Embrace technology or face ‘treadmill to oblivion’, says report

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Hedge funds and private equity groups are on a “treadmill to oblivion” unless they embrace technology such as blockchain and artificial intelligence more quickly, according to a report by KPMG and consultancy Create-Research.

It says large profit margins and a reliance on personal relationships for doing business are preventing many groups from digitising fast enough.

“If they don’t do anything they’re going to be the unwitting victims of the revolution that is going to sweep through their industry,” says Amin Rajan, chief executive of Create-Research. With profit margins of about 40 per cent, “there’s no incentive to embark on major steps”, he says.

Barriers to digitisation also include cost and complexity, according to the report, which surveyed 125 companies with $2.6tn of assets under management.

The report cites concerns including cyber security and the difficulty of transforming legacy IT systems, and managers preoccupied with regulatory change and making returns amid low interest rates.

Factors distinctive to alternative asset managers include their high profit margins, emphasis on personal relationships and the bespoke nature of dealmaking by private equity groups. It says these are barriers to embracing automation and machine learning.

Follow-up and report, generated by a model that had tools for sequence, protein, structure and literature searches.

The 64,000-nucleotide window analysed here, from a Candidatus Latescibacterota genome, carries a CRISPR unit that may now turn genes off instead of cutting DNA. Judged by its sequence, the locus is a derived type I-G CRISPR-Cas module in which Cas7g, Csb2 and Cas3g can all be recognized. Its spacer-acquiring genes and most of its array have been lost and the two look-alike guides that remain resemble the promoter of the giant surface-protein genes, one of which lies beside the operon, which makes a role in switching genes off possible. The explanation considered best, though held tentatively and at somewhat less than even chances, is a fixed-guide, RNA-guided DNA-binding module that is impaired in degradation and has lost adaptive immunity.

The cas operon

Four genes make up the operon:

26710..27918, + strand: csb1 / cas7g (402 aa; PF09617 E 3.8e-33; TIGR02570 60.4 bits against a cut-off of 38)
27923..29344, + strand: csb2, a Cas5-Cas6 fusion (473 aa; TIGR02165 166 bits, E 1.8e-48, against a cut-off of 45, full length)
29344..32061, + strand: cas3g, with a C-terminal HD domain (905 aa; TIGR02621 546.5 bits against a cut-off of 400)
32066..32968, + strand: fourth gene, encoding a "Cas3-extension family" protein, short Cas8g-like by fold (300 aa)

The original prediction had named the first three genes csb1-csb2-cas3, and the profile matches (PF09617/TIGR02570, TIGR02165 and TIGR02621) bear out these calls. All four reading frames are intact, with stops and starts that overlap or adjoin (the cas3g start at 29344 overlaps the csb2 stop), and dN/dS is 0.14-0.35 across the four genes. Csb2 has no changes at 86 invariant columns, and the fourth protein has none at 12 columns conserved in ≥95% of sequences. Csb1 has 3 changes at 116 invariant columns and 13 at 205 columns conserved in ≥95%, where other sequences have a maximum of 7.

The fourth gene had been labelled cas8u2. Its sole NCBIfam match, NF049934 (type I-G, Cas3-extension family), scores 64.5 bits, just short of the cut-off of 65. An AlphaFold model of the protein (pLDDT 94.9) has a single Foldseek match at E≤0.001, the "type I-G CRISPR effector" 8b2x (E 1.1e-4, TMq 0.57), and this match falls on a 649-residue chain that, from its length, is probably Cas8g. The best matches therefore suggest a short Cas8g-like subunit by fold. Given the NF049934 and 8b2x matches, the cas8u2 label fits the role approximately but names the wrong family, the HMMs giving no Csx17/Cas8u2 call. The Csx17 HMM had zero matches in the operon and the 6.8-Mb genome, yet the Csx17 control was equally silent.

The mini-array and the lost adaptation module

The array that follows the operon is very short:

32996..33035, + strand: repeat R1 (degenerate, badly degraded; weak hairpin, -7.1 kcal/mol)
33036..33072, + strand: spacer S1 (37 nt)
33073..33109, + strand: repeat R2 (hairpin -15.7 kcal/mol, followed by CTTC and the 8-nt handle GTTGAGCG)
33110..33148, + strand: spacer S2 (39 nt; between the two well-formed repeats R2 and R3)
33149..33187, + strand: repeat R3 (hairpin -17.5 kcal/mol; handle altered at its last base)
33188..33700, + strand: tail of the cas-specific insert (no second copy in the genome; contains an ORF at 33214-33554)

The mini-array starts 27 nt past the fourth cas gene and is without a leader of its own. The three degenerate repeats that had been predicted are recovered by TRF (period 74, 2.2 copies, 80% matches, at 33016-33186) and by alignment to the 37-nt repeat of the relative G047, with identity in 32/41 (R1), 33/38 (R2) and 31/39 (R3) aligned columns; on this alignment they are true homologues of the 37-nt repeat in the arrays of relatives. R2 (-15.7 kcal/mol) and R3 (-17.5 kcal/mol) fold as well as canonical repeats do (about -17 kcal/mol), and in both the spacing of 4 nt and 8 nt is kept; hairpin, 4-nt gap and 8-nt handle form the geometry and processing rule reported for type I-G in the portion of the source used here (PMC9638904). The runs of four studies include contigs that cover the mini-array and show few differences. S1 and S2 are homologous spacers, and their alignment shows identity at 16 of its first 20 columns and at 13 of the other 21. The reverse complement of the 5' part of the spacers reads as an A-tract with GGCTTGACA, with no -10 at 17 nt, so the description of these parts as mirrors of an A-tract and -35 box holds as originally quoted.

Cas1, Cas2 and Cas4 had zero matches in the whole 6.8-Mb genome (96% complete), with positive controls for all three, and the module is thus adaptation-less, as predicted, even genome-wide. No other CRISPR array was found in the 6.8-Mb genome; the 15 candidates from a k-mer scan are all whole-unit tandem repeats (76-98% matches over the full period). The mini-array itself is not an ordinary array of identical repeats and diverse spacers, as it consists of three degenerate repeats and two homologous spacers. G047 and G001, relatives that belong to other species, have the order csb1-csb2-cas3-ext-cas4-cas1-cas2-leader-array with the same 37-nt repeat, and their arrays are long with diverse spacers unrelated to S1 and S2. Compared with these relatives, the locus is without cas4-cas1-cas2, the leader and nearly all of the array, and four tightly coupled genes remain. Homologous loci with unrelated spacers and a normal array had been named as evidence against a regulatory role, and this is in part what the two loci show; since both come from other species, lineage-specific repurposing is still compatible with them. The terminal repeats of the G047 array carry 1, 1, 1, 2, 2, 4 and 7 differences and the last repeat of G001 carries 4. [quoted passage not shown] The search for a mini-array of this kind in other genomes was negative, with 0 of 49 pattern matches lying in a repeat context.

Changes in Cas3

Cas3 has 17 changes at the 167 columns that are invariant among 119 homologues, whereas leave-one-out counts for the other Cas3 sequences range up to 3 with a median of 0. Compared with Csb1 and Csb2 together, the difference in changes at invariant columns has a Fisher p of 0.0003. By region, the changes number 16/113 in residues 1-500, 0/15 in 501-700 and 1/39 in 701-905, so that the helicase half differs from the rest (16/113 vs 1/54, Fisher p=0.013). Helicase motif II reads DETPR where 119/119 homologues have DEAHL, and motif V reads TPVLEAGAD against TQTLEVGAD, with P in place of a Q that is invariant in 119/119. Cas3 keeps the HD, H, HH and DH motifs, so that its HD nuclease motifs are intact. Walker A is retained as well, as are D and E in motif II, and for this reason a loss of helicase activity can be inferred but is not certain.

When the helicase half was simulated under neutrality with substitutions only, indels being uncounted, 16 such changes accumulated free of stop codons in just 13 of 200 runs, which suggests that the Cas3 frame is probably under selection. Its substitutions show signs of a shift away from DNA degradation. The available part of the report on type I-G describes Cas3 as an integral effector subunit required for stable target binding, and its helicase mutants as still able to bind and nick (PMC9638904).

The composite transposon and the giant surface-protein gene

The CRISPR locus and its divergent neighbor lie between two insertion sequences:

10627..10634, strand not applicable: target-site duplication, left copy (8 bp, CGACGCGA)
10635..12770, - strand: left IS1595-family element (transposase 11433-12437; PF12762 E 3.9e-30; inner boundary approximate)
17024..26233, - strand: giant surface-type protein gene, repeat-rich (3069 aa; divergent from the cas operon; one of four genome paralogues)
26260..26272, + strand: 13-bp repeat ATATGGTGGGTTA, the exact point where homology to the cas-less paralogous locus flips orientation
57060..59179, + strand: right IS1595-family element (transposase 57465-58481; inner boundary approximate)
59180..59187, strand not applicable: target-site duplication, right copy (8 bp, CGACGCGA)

More than 60 per cent of those interviewed think digital developments will force significant change in the next decade and are anticipating job losses. Only 2 per cent of interviewees anticipate no change.

Hedge funds and private equity groups disagreed with the verdict that the industry is innovation-shy, pointing out that machine-learning algorithms have been used by hedge funds for decades.

“With respect, we disagree with this analysis. Private equity is flying below the radar on this one,” says Tim Hames, director-general of the British Private Equity and Venture Capital Association.

Jon Moulton, the UK private equity veteran and founder of Better Capital, says the picture painted by the report does not ring true. “There’s not a lot that could be done that is not being done,” he says in reference to private equity, adding that parts of the hedge fund industry “are incredibly automated”.

The quantitative hedge fund industry is set to surpass $1tn of assets under management this year amid surging interest in investment funds that use computer-powered investment strategies.

The biggest players include Man Group, which manages $104bn of investor money, as well as Two Sigma, Renaissance Technologies and DE Shaw. Hedge funds are also experimenting with quantum computing.

Mr Rajan argues that the biggest names are “iconic standouts” rather than being representative of progress in the industry as a whole.

He says many groups want to watch others experiment before investing themselves but predicts that the bigger players, which have the funds to implement new technology, will scoop up a greater share of assets.

“They are thinking seriously enough [but] it’s a question of converting interest into action.”



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